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Department of Health News

Ask a Health Inspector: Hair Restraints


ChefASK A HEALTH INSPECTOR:

By Jason Masters, REHS

Environmental Health Program Specialist

Q: Jason. I've got a question. I read ALL your articles, and I'm not sure how I feel about you using my name all the time as an example. I mean, just because I've got a big burly beard and I work at a restaurant doesn’t mean I'm so gross. I'm just a person, same as you. By the way, what's the problem with beards? What is the length of beard that is OK to have?  I think you’ve got something against people with hair just because you're bald… And why did you take points off of our inspection for having our cell phones and cigarettes laying on the prep table? We don’t have much time to smoke, and we need to keep our materials close by. I've seen you in my restaurant before, and I'll be waiting for YOU in the parking lot…

-Bubba

A: Wow…well Bubba, those are good questions, and I'm hoping we can settle this without any parking lot brawls. A beard and/or hair restraint is something that the 2009 NC food code requires all food employees engaged in food preparation to wear.  Now, that doesn’t mean that everyone is going to wear one. But before we answer your questions, we need to look into why hair restraints are required in the first place, and why it's NOT OK to leave your smokes and phones all over the prep tables.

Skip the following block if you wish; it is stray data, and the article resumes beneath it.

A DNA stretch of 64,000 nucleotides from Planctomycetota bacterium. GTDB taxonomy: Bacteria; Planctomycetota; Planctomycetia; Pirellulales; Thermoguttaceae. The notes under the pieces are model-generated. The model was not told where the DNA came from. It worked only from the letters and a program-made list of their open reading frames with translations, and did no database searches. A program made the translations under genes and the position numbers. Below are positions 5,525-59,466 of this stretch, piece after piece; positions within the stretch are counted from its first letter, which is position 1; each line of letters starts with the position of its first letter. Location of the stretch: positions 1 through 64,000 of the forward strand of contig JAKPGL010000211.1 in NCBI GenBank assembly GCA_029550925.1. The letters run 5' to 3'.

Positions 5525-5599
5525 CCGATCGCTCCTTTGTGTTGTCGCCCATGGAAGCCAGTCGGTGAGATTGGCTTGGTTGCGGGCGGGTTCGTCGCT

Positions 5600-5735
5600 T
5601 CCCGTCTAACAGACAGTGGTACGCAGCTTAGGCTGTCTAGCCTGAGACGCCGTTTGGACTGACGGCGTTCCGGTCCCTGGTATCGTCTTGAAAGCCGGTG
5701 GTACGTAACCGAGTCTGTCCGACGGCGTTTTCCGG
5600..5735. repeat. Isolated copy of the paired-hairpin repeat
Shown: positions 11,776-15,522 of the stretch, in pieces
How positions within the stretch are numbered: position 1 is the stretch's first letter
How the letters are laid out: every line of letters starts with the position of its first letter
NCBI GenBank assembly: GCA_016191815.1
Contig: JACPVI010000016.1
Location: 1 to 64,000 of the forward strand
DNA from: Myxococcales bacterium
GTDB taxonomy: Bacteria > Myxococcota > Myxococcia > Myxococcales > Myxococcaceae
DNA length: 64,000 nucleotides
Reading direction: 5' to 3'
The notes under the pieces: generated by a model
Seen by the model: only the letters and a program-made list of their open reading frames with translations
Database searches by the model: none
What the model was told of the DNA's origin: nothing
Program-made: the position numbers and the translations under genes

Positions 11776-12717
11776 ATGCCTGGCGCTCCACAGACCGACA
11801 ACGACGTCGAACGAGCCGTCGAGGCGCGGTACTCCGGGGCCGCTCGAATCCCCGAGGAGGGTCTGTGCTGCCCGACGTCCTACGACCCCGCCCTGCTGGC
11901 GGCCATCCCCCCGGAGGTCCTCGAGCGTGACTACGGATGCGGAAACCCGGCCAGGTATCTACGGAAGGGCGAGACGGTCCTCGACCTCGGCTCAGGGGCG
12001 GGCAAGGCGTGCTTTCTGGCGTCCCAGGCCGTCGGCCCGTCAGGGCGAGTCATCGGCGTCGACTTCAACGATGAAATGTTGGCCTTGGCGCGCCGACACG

The hair restraint requirement is, despite its name, not as much about keeping hair out of foods, as it is discouraging food employees from touching their face and head. Think about all the things on your head and face for a second… hairspray, gel, conditioner. Did you work out before coming to work? Got some tasty sweat up there? Did you take a shower today? Sometimes people don’t… Remember how you cursed at that guy for blowing dirt and leaves in your face while he was cleaning the parking lot and laughing? Think any of that dirt and dust got trapped in your hair (and/or beard)? What about those crumbs from that chicken sandwich you got at the mall while you were shopping for some new kicks?